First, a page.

I attended the Speed Awareness Course recently. (see post dated 23rd October.) Eighteen of us, eleven male, seven female.) Three failed to turn up so they have three points on their licences that could have been avoided. It was held in a large conference centre. We waited in the foyer before the start. Others in various meetings drifted amongst us. I assume some of them knew why we were there. I don't know whether we looked like 'criminals' but we certainly felt so!
Eighteen people, mainly middle aged though the youngest was twenty five. (I think I was the eldest.) All guilty of speeding, not massively so as 'boy racers' seem to attend a different course; but all guilty of breaking the law nevertheless. (Was the psychology of it all the possibility that we at least were 'saveable?) Some, particularly the ladies were quite overawed by it all, showing symptoms of embarrassment, even shame. A show of hands suggested our main reason for attending was to avoid penalty points, note, not necessarily to learn new skills. The course was run by one individual, an ex-policeman, ex-teacher. The course was very intensive, illustrated with visual aids, delivered not without humour and lasted a massive four hours; not an easy proposition for anyone, least of all those whose classroom experience has been non existent for many years.
I think it is fair to say most of us harboured feelings of being hard done by in various degrees. I have received three speeding tickets in ten or so years. The term serial offender springs to mind! I would have previously argued: once on a deserted road at midnight, plus thought it was a forty, not a thirty limit; once outside a deserted school on a Saturday; once on a remote road in the country, never saw a sign. All present, to a greater or lesser degree committed similar offences. In other words, NOBODY DELIBERATELY broke the speed limit.
The value or otherwise of this course can only be measured by two things. What we retain in our minds after the initial 'lectures' are long gone. Plus whether our future driving behaviour, attitude and experience changes. At my age particularly long term retention is not easy. So what is likely to be remembered longest?
One, no road is dangerous in itself, it depends on the behaviour of the people on it.
Two, the speed limit is 30mph unless stated otherwise. (Often the reason for a 30mph limit is a history of accidents etc.)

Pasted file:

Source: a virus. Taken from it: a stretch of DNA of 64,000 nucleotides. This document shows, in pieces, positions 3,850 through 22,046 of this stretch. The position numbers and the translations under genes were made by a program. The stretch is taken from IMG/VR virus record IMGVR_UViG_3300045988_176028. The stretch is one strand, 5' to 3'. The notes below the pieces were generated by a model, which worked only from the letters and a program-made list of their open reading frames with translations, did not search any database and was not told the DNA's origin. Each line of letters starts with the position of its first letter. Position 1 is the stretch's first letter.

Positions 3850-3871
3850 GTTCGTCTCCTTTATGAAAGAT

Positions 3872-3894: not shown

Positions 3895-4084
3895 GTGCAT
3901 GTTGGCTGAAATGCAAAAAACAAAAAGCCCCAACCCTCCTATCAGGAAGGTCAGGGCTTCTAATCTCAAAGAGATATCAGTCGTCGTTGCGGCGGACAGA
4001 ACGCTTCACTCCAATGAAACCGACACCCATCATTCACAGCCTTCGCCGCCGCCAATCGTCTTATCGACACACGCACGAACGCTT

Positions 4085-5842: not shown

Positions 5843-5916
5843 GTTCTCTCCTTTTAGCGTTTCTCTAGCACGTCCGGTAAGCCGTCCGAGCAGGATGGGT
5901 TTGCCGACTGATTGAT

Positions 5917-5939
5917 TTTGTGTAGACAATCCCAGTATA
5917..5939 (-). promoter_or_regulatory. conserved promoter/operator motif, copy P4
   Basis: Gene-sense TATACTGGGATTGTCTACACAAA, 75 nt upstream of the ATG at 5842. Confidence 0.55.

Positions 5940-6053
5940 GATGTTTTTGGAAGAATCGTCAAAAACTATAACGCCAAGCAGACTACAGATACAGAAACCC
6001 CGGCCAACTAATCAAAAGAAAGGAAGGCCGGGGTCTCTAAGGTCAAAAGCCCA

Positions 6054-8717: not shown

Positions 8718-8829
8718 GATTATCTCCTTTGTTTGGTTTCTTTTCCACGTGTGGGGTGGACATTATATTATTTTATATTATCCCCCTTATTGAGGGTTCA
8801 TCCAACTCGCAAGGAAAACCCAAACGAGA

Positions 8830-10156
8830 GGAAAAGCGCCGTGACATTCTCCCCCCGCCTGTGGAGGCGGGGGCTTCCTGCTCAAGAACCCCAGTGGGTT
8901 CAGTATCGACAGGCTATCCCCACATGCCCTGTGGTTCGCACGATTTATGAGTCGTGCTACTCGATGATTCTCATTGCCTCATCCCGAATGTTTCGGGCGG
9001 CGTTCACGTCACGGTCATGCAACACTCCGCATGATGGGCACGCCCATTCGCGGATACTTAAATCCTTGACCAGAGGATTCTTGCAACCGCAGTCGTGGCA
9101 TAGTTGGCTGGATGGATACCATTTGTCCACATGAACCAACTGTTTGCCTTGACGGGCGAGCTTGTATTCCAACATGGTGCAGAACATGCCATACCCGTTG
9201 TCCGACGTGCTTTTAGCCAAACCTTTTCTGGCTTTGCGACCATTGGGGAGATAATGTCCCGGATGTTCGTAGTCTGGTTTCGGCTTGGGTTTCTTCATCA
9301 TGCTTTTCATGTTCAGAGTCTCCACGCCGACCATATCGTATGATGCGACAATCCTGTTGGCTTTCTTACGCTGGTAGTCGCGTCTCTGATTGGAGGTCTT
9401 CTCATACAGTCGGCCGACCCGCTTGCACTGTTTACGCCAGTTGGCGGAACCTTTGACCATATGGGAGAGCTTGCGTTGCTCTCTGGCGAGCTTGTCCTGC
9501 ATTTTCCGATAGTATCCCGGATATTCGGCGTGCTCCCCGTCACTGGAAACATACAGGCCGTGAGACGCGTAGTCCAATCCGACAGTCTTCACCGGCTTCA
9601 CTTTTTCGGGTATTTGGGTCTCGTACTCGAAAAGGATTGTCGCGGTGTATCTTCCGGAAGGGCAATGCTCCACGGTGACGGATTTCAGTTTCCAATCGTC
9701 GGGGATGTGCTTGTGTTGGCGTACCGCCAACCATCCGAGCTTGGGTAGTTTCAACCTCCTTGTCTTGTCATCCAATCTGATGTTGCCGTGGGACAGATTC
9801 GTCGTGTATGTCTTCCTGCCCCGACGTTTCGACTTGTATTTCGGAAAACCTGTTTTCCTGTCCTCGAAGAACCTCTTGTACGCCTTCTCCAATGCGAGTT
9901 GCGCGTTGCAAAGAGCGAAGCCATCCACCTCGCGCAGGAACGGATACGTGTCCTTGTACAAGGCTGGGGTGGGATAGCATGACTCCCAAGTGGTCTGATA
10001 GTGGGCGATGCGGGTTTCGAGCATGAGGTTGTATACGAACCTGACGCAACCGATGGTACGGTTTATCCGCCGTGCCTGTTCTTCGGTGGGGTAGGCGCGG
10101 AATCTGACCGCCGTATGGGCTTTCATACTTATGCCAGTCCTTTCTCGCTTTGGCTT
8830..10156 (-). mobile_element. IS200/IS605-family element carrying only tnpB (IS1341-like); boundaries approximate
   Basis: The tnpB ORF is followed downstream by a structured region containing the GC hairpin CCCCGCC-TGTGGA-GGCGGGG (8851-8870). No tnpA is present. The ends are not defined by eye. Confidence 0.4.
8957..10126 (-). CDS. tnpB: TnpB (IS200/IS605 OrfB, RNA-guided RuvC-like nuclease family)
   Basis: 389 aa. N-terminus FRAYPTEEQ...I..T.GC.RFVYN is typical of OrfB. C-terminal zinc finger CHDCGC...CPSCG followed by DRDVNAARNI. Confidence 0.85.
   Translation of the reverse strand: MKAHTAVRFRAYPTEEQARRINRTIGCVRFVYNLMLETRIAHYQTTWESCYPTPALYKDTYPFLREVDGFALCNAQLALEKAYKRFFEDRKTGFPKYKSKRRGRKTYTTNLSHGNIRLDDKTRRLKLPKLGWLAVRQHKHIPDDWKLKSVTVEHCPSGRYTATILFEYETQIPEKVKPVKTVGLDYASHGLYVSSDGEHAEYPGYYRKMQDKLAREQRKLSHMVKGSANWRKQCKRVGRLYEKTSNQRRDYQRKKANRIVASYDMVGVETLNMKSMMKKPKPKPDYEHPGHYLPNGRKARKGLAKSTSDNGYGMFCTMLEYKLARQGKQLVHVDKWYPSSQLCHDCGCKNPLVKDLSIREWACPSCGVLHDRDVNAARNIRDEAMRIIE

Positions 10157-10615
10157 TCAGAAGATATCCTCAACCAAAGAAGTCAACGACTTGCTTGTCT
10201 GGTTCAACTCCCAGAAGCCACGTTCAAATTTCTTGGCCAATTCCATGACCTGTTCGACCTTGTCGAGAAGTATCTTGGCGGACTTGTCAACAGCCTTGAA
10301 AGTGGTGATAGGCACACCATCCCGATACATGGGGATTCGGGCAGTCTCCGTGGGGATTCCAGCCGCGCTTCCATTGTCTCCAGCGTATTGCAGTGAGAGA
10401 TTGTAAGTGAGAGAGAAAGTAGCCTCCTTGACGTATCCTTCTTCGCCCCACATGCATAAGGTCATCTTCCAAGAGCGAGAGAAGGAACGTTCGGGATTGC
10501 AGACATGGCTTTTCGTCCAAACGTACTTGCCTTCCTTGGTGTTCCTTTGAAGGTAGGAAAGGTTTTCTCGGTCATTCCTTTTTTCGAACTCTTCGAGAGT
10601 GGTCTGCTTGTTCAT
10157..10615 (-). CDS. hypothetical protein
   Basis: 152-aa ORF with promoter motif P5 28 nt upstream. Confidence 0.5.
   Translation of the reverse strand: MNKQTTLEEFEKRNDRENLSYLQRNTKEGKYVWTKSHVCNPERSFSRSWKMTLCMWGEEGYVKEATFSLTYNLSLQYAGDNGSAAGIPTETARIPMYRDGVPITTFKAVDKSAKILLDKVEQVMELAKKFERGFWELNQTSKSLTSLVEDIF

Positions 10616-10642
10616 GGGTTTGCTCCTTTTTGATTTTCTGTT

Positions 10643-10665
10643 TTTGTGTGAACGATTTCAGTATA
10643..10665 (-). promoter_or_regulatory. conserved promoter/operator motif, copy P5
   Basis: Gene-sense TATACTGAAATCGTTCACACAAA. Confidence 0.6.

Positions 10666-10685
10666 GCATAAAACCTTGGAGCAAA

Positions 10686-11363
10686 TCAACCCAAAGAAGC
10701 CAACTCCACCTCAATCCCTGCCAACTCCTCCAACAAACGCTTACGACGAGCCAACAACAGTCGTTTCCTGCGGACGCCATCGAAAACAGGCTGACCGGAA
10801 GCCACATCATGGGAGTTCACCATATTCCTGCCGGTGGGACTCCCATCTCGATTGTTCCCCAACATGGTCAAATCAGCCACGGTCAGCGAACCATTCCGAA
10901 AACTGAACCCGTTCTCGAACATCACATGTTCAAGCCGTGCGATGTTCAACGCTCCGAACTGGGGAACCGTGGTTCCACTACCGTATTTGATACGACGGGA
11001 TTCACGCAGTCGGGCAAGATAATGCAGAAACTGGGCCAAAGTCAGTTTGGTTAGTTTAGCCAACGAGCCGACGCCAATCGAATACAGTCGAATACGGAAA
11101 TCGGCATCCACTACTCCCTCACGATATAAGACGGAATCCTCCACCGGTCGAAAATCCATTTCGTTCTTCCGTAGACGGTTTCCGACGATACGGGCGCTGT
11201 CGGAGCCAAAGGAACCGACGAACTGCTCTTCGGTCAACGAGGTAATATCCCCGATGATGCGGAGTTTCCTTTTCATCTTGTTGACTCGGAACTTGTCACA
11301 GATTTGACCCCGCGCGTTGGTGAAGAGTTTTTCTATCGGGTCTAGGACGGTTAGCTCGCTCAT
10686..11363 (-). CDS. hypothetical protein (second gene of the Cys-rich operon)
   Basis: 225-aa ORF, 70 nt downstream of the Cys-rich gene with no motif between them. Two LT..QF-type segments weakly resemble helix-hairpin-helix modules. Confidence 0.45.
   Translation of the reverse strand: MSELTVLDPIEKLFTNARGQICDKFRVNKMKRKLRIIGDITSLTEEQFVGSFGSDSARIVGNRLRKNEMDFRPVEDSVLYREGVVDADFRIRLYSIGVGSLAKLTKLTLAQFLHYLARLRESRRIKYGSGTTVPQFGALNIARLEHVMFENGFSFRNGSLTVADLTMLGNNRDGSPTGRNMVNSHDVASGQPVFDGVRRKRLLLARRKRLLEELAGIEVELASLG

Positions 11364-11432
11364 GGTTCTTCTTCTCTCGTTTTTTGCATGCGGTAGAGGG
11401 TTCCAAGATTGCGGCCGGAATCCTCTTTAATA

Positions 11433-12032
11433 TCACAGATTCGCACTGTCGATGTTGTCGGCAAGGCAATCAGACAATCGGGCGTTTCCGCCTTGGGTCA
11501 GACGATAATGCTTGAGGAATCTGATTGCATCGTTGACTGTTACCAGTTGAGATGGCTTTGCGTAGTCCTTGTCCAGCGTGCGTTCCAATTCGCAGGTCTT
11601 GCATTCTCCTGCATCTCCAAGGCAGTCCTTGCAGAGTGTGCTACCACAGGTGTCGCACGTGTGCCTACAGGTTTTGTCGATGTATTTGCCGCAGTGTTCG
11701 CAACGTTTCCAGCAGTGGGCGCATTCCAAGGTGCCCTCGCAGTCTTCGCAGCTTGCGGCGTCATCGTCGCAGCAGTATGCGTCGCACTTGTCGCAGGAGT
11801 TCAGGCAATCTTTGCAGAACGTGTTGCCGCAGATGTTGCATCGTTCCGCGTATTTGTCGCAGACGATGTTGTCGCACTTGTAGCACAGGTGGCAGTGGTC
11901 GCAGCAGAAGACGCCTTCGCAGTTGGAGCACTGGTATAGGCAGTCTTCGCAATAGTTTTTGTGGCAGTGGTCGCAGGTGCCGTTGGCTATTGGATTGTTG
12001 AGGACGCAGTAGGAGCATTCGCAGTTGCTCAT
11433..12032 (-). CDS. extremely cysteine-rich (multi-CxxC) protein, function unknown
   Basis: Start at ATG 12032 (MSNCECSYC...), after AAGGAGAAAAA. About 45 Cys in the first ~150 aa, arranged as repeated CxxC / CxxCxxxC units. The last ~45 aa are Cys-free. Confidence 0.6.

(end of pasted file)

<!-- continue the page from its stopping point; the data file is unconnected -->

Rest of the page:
Three, where speed limits are signed, this is a MAXIMUM speed, not an obligatory speed.
Four, there is no such thing as a 'quiet' road or time, only a 'quieter' time or road.
Five, the main source of serious accidents, often resulting in death is not the motorways as you might have thought. (On motorways no-one might be turning right or overtaking as on urban roads.)
Much of the course concerning types of signs etc I have forgotten only days after the course. And several points are also worth mentioning. Our collective knowledge of the modern highway code was appalling. There is much to be said for everyone attending this course periodically, say every five years; no one could fail to benefit. A hand out of the points covered would have been useful and after all, we did pay seventy pounds each for our 'sins'. Enjoy is the wrong word for this type of experience. I still think authorities don't always get it right concerning limits. (See video of Swarkstone Bridge, a local landmark, limit, maximum 40mph, in my view ridiculously high. Co-incidentally this week there is an ongoing inquest concerning a death on this bridge earlier this year. But remember, and I reiterate, it is a MAXIMUM speed limit, not an obligatory speed we must maintain. ) But the thing that I personally will remember most from the course is this. The damage to a person or person at speeds over 35mph, rather than at 30mph to 35mph was horrifically memorable. I hope no policeman has to knock on a door to tell a mother her child is not coming home due to my driving. The main message from our afternoon together was 'Yes, speed does kill.'